This post is a result of a multitude of factors. Reading different forums where people write off Symbian for other OS’s such as the ones on Blackberrys’ and the iPhone, coupled with vents from a few bloggers but most importantly the attitude of the mainstream media – the TV. This is not being written because I am a Symbian fanboy and I hate to see people say a word against it, but because some of the criticism is plain unfair and off the mark.
What triggered this post was a preview that I saw for an upcoming N97 preview on NDTV (a widely watched channel in India) where the N97 was being discussed and one weakness of the device that was point out was the fact that it ran Symbian. The OS was being labeled as a weakness. The television influences a lot of people, specially those who are not ‘savvy’ enough to look up things for themselves, such statements/questions leave quite a lasting impact on the viewer’s mind. Lets try and see where does Symbian stand.
A few year’s back, Symbian was perhaps the only true smartphone OS complete with 3rd party applications and multitasking. The Nokia 7650 for me was a groundbreaker, something that completely changed the way I looked at mobile phones. Blackberry wasn’t a fad, and Apple was probably just thinking about an iPod phone and with Nokia’s full support Symbian ruled the roost. With time equation has changed and both RIM and Apple’s offerings have caught on, still not in terms of sales, but recognition. The debate in the geek circles still is whether the iPhone is an smartphone or not but that hardly matters because the sales figures are making that question meaningless.
Today there is a growing sentiment that Symbian is old and outdated, that despite the S60 5th Edition update that brought touch into S60, it still feels the same old OS. Another argument that is made against it is that it is not as intuitive and is difficult to use as compared to its competition that is coming from Android, BB and OS X.
But how different is Symbian actually from say OS X that runs the iPhone? You hit the menu key on a S60 device and you are presented with a grid that lists your applications, it even has folders if you want to file some of the junk away. On an iPhone, pressing its solitary button also brings up the grid of applications. Yes, there is a lot more eye candy there, but my question is that since when does eye candy amount to ease of use?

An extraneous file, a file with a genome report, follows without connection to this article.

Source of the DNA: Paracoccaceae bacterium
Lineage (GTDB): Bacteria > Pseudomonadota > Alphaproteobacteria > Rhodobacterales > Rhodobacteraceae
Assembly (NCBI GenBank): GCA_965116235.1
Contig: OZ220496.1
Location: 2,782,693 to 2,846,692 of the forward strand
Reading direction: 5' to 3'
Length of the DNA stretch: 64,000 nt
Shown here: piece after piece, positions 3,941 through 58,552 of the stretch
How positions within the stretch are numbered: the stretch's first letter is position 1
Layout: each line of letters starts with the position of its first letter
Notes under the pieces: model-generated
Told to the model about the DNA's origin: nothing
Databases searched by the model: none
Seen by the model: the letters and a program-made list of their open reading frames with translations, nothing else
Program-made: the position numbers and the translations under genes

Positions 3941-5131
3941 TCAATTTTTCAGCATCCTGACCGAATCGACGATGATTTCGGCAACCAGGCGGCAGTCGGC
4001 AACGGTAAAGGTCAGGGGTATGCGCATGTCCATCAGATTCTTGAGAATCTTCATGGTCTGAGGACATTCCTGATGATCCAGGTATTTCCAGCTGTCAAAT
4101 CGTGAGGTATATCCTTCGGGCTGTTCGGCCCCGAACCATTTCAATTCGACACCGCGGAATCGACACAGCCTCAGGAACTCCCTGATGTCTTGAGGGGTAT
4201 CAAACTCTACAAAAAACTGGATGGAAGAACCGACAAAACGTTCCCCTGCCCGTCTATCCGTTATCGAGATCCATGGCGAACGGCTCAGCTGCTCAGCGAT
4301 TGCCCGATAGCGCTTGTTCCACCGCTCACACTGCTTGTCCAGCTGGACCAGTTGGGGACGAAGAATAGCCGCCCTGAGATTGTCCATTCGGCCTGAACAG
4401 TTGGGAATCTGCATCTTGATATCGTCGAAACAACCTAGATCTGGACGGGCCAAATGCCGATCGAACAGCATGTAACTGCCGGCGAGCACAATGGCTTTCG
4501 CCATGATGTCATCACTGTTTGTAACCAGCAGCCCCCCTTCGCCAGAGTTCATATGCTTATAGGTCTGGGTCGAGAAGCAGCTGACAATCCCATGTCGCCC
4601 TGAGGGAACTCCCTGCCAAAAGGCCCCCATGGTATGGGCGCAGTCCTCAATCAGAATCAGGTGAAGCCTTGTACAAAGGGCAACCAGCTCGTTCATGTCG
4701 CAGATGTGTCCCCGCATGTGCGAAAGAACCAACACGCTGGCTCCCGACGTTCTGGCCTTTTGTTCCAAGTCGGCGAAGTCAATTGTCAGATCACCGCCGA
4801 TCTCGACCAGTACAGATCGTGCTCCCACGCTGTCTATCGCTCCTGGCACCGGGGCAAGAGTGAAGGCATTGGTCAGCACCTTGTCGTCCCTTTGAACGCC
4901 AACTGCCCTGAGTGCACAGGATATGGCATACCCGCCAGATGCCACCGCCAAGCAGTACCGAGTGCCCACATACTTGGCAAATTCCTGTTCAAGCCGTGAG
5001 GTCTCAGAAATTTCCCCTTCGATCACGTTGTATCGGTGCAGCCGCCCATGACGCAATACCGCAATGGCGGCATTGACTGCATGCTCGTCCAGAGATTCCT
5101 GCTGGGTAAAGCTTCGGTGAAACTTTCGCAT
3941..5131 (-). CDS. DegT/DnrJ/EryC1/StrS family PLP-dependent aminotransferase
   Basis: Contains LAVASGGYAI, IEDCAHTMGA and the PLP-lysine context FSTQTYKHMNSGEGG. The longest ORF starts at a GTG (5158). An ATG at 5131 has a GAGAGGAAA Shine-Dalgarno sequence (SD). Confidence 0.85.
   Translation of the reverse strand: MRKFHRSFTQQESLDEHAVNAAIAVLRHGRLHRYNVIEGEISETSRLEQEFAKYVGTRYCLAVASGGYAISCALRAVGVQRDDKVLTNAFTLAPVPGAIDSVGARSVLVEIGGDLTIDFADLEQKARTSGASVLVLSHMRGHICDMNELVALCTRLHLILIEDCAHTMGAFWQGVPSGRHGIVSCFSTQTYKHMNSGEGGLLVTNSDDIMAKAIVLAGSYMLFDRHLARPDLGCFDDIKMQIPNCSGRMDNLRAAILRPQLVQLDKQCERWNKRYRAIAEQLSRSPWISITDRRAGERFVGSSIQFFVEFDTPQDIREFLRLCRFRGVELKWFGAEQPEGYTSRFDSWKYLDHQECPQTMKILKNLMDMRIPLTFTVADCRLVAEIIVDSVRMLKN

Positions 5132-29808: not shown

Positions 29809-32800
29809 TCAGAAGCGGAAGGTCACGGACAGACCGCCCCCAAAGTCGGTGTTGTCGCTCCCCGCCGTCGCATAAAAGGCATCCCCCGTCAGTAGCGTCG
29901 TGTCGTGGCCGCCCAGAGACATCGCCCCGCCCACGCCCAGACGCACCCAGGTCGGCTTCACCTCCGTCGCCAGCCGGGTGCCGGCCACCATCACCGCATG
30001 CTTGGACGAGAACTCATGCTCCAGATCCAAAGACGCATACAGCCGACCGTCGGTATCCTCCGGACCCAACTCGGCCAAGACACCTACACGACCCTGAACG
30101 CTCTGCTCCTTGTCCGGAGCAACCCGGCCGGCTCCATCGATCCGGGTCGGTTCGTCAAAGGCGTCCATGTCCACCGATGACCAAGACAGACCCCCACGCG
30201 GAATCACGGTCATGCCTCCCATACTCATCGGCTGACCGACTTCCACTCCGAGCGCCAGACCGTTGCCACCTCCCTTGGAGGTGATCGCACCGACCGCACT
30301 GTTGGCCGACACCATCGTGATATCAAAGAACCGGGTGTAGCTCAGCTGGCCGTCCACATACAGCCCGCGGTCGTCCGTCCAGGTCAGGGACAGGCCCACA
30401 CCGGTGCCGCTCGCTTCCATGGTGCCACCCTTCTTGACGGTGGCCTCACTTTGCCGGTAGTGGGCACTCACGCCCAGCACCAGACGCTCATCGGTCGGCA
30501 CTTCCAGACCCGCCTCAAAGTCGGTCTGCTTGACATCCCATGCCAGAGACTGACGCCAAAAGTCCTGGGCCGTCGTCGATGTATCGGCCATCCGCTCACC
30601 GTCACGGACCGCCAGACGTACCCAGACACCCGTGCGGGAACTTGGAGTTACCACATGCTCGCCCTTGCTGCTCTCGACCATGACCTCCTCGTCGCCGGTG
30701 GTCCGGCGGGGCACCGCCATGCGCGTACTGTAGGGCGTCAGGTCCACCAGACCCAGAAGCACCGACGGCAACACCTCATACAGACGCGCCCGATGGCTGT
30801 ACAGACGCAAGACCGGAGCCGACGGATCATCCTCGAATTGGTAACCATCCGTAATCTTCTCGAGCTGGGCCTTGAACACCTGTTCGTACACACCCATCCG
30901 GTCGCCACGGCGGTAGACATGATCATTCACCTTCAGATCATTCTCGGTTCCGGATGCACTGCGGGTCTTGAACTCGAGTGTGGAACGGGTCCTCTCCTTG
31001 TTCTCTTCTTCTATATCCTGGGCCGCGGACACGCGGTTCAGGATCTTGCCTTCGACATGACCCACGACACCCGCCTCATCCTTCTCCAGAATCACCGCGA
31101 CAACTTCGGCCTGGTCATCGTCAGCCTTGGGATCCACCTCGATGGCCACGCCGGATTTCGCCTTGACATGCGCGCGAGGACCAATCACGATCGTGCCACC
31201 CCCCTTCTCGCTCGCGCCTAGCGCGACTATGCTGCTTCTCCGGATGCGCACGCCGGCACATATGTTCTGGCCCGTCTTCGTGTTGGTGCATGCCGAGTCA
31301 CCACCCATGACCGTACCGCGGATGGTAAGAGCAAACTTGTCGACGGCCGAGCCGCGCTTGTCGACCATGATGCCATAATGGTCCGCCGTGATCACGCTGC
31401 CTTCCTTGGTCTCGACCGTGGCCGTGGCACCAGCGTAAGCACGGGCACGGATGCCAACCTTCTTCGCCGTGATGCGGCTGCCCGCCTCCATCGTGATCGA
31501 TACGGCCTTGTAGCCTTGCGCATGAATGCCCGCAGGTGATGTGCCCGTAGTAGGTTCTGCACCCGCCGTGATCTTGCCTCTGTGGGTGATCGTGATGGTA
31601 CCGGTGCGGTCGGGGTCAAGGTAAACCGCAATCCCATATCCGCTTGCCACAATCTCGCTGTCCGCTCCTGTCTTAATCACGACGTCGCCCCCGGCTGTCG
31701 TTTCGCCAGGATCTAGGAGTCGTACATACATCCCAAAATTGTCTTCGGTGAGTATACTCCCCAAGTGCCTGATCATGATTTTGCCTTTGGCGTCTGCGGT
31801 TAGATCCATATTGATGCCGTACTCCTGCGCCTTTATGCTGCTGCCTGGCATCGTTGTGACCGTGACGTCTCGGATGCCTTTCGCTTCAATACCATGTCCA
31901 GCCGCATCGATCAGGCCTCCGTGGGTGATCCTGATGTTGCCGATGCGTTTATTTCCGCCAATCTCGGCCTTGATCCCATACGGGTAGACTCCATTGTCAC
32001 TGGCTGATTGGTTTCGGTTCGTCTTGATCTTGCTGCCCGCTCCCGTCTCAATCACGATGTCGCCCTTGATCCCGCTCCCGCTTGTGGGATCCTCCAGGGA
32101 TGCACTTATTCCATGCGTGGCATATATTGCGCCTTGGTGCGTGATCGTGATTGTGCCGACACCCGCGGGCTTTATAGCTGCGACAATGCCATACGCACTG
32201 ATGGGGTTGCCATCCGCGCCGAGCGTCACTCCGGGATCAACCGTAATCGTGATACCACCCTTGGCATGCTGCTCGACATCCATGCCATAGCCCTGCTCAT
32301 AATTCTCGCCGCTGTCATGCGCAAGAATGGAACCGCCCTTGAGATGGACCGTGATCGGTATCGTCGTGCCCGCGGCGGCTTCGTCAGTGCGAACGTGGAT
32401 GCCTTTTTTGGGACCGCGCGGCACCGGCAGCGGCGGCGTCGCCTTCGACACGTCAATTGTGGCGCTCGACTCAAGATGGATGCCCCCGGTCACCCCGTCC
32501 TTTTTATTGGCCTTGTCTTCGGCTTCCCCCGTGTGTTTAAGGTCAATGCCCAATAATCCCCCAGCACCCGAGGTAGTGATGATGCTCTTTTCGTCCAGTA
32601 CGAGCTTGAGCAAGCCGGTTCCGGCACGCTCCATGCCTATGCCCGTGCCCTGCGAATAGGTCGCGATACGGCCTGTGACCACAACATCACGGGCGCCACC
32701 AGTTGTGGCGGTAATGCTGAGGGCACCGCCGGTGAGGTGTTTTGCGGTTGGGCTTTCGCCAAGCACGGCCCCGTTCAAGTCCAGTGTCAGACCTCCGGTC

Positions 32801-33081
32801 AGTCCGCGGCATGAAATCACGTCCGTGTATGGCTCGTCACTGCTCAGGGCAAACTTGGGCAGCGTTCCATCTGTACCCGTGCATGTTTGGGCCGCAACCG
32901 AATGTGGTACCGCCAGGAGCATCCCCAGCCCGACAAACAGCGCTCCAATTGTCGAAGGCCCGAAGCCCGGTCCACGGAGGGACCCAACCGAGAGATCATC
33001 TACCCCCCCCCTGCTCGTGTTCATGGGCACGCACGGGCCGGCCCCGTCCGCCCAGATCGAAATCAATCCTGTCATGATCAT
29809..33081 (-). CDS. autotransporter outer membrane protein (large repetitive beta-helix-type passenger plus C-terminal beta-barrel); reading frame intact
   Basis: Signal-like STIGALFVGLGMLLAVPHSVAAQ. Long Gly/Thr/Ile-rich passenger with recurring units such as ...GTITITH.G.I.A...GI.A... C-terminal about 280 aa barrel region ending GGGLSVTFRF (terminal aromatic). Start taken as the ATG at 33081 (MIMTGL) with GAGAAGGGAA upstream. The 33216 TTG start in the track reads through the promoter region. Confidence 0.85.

Yes the settings on some devices are really burried inside, but that isn’t really the OS’s fault – it depends on the manufacturer. Nokia seems to have learnt a lesson there and the menu on the N97 and 5800 is much more organised and finding something isn’t that hard. Moreover, the fact that the layout hasn’t changed much for the last few years works as an advantage for the experienced users.
If we talk about functionality Symbian/S60 has been right up there, from copy/paste right to flash in the web browser. Yes, its not perfect, but its at least there. Coming back to the eye candy, or rather the lack of it. Is it such a big deal? All I want in my handset is for it to be snappy and the Nokia E71 running S60 3rd Edition FP1 proved that S60 can be blazing fast.
Most of you must be aware that Symbian has now become open source and the guys at the spanking new Symbian.Org are working very hard to take it in the right direction. The interface/UI is due for a major revamp in 2010 with the QT layer and that should take care of the eye candy aspect as well.
As far as the problem with Symbian signed goes, the Symbian Foundation is looking at really simplify the signing process for applications and the costs involved; so that’s a huge positive as well. With Symbian going open source, other manufacturers apart from Nokia are likely to take further interest in the OS. Samsung already has a high end device (i8910 HD) that runs S60 5th Edition, Sony Ericsson’s Satio is extremely high end and will be one of the first devices to run the new Symbian Foundation OS.
If the Ovi Store gains traction, which it should if Nokia makes it possible for individual/hobby developers to publish, the scene for developers could become much more enticing. As it is there are more smartphones running on Symbian than any other mobile OS, so the potential is huge.
Most OS’s do certain things very well, for example BlackBerry for email but when it comes to multimedia there isn’t much. The iPhone’s OS X is weak in certain basic things e.g. Bluetooth transfers, deleting a song from the phone itself and it will continue to have such limitations because Apple wants them to say. Android is yet to prove itself, but there’s no doubt it will remain a strong contender. Symbian on the other hand is a very mature OS, with virtually no small niggles and it is open as well – meaning that it can only get better.
However, everything said and done, how Symbian shapes up will largely depend on what direction Nokia takes. It holds the largest share in the smartphone market and all of its high-mid end devices run Symbian. If it waivers too much in favour of Maemo, then developers and people could loose confidence in Symbian as Nokia till date still remains the only major player whole heartedly backing the OS.
These is a lot of potential in Symbian and I wouldn’t coun’t it out just yet. I also wouldn’t call it a phone’s weakness.
Note: I have used the words Symbian and S60 interchangebly in some instances. After this month S60 would cease to exist, there will only be Symbian.